Our business is impacted by market conditions in the retail industry and consumer demand for our products, which in turn are affected by general economic conditions.  Downturns or periods of economic weakness or increased prices in these consumer markets have resulted in the past, and could result in the future, in decreased demand for our products.  For example, uncertainty about future economic conditions globally, and in the United States in particular, could lead to declines in consumer spending and consumption and cause our customers to purchase fewer of our products.

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Our profitability and cash flows could suffer if we are unable to continue to generate cost savings in our manufacturing and distribution processes.

We anticipate that cost savings will result from reducing material costs and manufacturing inefficiencies and from realizing productivity gains, distribution efficiencies and overhead reductions.  However, if we cannot successfully develop and implement cost savings plans, or if the cost of making these changes increases, we will not realize all anticipated benefits, which could materially and adversely affect our business, financial condition and results of operations.

Our hedging activities may result in significant losses and period-to-period earnings volatility.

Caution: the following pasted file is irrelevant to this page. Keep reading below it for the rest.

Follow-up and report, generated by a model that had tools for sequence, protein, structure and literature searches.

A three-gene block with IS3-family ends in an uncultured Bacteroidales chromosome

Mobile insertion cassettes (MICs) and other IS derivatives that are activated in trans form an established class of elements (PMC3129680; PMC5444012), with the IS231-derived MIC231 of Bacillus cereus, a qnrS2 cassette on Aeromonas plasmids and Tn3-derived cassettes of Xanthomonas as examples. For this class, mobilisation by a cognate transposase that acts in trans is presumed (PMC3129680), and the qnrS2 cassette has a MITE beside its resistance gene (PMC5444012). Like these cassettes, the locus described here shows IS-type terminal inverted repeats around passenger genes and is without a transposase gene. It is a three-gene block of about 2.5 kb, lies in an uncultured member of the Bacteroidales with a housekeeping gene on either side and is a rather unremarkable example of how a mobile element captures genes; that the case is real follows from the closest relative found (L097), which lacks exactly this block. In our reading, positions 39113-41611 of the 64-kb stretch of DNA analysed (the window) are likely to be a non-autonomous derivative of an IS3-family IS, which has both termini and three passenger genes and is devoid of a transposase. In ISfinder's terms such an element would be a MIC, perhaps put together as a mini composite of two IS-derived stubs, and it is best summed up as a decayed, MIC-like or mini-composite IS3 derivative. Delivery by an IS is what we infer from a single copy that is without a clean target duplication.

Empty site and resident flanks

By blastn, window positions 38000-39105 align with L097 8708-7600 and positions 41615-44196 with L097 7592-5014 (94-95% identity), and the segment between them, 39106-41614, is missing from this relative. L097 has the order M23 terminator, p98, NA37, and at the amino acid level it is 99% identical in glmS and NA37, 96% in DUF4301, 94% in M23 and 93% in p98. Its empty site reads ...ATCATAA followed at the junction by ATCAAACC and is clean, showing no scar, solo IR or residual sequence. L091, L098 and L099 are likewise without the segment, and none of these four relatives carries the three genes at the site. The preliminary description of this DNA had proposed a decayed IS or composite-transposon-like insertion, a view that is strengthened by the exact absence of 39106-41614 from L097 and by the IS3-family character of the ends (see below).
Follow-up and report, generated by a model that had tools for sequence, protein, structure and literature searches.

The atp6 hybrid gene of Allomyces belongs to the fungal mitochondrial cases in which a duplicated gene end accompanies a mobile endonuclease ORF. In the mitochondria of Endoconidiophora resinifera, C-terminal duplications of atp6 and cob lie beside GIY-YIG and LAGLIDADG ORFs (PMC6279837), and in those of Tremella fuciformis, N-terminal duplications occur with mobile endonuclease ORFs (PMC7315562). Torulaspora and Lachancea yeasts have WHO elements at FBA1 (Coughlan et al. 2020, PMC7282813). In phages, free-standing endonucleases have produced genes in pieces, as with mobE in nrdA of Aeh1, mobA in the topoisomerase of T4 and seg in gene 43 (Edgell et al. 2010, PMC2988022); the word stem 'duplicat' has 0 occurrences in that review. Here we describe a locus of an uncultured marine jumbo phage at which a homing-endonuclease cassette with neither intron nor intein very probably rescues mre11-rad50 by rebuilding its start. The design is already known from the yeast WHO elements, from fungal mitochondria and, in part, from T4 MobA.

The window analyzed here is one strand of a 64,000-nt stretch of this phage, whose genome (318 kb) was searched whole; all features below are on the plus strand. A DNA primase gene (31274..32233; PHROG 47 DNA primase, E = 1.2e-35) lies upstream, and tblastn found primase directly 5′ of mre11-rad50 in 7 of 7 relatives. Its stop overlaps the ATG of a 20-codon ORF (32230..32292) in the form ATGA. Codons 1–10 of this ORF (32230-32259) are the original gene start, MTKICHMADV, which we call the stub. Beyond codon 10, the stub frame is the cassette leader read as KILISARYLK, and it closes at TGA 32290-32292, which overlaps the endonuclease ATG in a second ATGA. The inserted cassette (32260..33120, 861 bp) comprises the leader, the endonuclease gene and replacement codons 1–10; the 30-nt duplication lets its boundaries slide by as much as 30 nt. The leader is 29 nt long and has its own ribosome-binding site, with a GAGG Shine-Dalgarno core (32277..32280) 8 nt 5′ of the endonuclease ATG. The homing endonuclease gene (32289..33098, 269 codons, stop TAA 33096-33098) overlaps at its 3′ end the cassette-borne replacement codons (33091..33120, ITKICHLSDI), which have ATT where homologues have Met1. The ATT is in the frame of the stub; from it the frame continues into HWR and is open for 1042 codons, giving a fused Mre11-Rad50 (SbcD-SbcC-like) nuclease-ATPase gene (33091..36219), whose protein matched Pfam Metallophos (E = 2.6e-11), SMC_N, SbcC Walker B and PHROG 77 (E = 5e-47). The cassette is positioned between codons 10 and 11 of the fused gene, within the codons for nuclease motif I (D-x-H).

We may enter into hedging transactions to limit our exposure to raw material price risks.  Historically, our commodity hedges are primarily related to diesel, benzene and aluminum.  If we fail to effectively monitor and manage our hedging activities or if we execute a position and raw material prices subsequently decline, we could incur significant losses, which could in turn materially and adversely affect our business, financial condition and results of operations, and we could experience significant fluctuations in our earnings from period to period.  Factors that could affect the impact and effectiveness of our hedging activities include the accuracy of our operational forecasts of raw material needs and volatility of the commodities and raw materials pricing markets.

Sales growth objectives may be difficult to achieve, and we may not be able to achieve our innovation goals, develop and introduce new products and line extensions or expand into adjacent categories and countries.

We operate in mature markets that are subject to high levels of competition.  Our future performance and growth, including our ability to meet our internal objectives of generating 20% of our revenue each year from products that are less than three years old, depends on innovation and our ability to successfully develop or license capabilities to introduce new products, brands, line extensions and product innovations or enter into or expand into adjacent product categories, sales channels or countries.  Our ability to quickly innovate in order to adapt our products to meet changing consumer demands is essential, especially in light of eCommerce and direct-to-consumer channels significantly reducing the barriers for even small competitors to quickly introduce new brands and products directly to consumers.  The development and introduction of new products require substantial and effective research and development and demand creation expenditures, which we may be unable to recoup if the new products do not gain widespread market acceptance.